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Anti-Gay-Marriage Lie Number 4

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AP
AP

I've saved the worst for last.

In the run-up to the election I've been breaking down the desperate lies pushed by anti-gay campaigns this season (see Lies #1, #2, and #3). Now that we're in the final week before votes are tallied, it's predictable that the opposition would unleash the most sickening and cynical of all the lies in the playbook: tell voters their kids are in danger.

In a set of copy-and-paste ads in Maine, Maryland, Minnesota, and Washington, a pair of anti-gay activists from Massachusetts warn voters, "If gay marriage happens here, schools could teach that boys can marry boys." They go on to assert that in their state, "courts ruled parents had no right to take their children out of class or to even be informed when this instruction was going to take place."

What the ads don't tell you is that the incident the narrators refer to happened in 2005. That's right -- the story featured in these ads is seven years-old. And it's been thoroughly debunked by every independent fact-checking news organization that's looked into it. Politifact ruled it false. Minnesota Public Radio called it misleading. And the Minneapolis CBS affiliate called it false and misleading.

Here's what really happened, according to the U.S. District Court of Appeals' ruling in the case: "In January 2005, when Jacob Parker was in kindergarten, he brought home a 'Diversity Book Bag.' This included a picture book, Who's in a Family?, which depicted different families, including single-parent families, an extended family, interracial families, animal families, a family without children, and -- to the concern of the Parkers -- a family with two dads and a family with two moms. The book concludes by answering the question, 'Who's in a family?': 'The people who love you the most!' The book says nothing about marriage."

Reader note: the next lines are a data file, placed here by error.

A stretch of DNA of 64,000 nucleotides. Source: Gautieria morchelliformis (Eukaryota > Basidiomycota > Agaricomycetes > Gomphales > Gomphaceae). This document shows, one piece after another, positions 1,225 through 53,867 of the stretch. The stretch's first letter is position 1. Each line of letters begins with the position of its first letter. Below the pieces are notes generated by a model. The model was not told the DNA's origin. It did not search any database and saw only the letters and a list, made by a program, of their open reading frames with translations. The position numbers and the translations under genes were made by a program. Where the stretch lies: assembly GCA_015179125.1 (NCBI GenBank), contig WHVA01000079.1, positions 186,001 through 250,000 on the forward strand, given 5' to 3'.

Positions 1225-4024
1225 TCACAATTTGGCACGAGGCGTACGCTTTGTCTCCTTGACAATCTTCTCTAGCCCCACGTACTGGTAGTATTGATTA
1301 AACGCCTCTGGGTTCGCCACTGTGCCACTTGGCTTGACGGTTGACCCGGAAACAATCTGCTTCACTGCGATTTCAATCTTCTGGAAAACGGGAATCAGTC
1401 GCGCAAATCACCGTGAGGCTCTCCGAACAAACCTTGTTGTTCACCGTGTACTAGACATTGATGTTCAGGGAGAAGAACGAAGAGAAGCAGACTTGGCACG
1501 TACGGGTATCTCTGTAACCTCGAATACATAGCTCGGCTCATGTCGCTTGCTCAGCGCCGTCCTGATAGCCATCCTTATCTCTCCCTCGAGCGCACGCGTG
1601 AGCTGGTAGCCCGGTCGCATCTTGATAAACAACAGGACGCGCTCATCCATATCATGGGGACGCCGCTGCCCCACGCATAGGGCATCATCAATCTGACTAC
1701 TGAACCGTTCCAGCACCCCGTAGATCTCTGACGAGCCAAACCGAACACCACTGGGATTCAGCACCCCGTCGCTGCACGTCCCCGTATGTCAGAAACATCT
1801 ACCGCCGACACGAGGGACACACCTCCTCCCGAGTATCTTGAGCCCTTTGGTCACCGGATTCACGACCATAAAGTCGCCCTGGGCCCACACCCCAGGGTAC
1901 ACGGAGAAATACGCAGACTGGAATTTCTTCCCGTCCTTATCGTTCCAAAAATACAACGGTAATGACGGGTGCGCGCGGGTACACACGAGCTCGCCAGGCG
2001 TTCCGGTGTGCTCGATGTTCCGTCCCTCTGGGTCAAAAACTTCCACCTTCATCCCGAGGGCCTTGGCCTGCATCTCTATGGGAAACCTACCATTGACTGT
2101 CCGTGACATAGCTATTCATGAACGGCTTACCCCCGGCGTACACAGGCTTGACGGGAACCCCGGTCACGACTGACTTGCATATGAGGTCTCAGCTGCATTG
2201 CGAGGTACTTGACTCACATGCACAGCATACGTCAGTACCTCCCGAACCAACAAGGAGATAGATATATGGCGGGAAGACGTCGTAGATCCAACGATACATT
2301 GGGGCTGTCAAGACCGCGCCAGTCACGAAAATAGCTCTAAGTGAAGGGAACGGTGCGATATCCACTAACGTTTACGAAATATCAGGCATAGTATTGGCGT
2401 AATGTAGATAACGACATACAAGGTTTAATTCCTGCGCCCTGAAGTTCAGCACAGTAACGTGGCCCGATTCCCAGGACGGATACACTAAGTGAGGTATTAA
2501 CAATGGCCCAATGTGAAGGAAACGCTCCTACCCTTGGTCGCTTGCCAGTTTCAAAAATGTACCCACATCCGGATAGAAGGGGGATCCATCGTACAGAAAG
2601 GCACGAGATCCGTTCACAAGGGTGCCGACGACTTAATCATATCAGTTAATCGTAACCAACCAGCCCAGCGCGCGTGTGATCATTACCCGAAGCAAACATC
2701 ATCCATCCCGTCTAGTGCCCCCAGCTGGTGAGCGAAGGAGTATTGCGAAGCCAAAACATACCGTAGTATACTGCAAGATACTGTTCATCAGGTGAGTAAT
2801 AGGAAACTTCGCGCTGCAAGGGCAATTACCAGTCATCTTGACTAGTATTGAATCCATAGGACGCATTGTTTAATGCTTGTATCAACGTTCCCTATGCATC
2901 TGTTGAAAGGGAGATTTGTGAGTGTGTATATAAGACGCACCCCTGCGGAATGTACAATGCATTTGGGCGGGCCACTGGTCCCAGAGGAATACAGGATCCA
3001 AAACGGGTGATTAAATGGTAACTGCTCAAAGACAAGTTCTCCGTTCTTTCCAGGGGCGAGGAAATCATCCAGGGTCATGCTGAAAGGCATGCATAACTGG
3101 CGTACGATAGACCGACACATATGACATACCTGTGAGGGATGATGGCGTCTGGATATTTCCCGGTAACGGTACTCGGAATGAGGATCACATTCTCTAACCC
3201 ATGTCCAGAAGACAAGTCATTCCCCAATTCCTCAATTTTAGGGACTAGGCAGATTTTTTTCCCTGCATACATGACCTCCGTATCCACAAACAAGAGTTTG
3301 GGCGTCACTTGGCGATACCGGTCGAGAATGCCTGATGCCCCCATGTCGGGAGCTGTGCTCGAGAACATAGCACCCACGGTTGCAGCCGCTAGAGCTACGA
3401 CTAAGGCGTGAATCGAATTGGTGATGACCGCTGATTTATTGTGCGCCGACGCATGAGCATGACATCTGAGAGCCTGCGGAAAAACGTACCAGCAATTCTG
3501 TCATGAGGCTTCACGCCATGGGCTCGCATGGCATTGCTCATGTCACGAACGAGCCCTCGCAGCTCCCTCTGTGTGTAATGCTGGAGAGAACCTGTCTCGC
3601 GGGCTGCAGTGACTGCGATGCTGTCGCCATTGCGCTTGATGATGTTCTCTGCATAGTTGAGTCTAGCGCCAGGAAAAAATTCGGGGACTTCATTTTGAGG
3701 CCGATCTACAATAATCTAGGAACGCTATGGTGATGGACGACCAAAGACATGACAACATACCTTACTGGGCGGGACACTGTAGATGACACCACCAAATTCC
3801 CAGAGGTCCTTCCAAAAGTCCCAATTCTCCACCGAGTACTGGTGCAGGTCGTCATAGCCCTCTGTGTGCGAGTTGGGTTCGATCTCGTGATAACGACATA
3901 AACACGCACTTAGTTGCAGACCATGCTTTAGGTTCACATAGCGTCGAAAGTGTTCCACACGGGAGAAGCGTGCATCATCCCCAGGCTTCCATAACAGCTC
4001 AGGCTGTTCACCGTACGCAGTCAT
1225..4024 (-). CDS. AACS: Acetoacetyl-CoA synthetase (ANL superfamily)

That's worth repeating. The book the Parkers objected to said nothing about marriage.

In the current crop of ads, the Parkers also claim: "When Massachusetts redefined marriage, schools taught it to children in second grade, including the school our son attended." But state educational policy on families was established five years earlier, long before marriage was legalized for same-sex couples in Massachusetts. As for parents being notified and opting out, that too was long-established in state law.

The ad omits some other big pieces of reality. It doesn't tell viewers that David Parker subsequently staged a protest at the school district office, refusing to leave unless he was arrested and summoning supporters with cameras to film the event. The Parkers and another couple (described by the Court of Appeals as "parents, whose religious beliefs are offended by gay marriage and homosexuality") filed suit against the district. The District Court and the Appeals Court found their complaint groundless, and the U.S. Supreme Court refused to hear it.

It's not just the courts and fact-checking news organizations that attest to the bogus nature of the Parkers' story. Caught on camera, the chair of the Maine anti-gay campaign in 2009 (which utilized this same strategy) admitted: "We use a lot of hyperbole and I think that's always dangerous... You know, we say things like 'Teachers will be forced to (teach same-sex marriage in schools)!' ... Well, that's not a completely accurate statement and we all know it isn't... Let's look back at our ads and see what we say... I think we use hyperbole to the point where, you know, it's like 'Geez!'"

Geez, indeed.

Clearly, facts don't matter to our opponents. Anti-marriage campaigns in four states are still trotting this tired old story out in hopes of distracting the public and scaring people into voting against their gay neighbors.

Fortunately, it's not just facts that we have on our side. We have values -- family values, American values, the values that support the freedom to marry.

The freedom to marry campaigns in these four states are reminding voters of a fact that the Parkers and the so-called National Organization for Marriage want them to forget: children learn their values at home, from their parents. For many parents, the most important value is the Golden Rule. By standing up for these values -- and rejecting the discredited pack of lies these ads are peddling -- voters can teach their children a valuable lesson this Election Day. As expressed by John and Elizabeth from Edina, Minnesota, that lesson is "not judging others, and treating people as we'd like to be treated."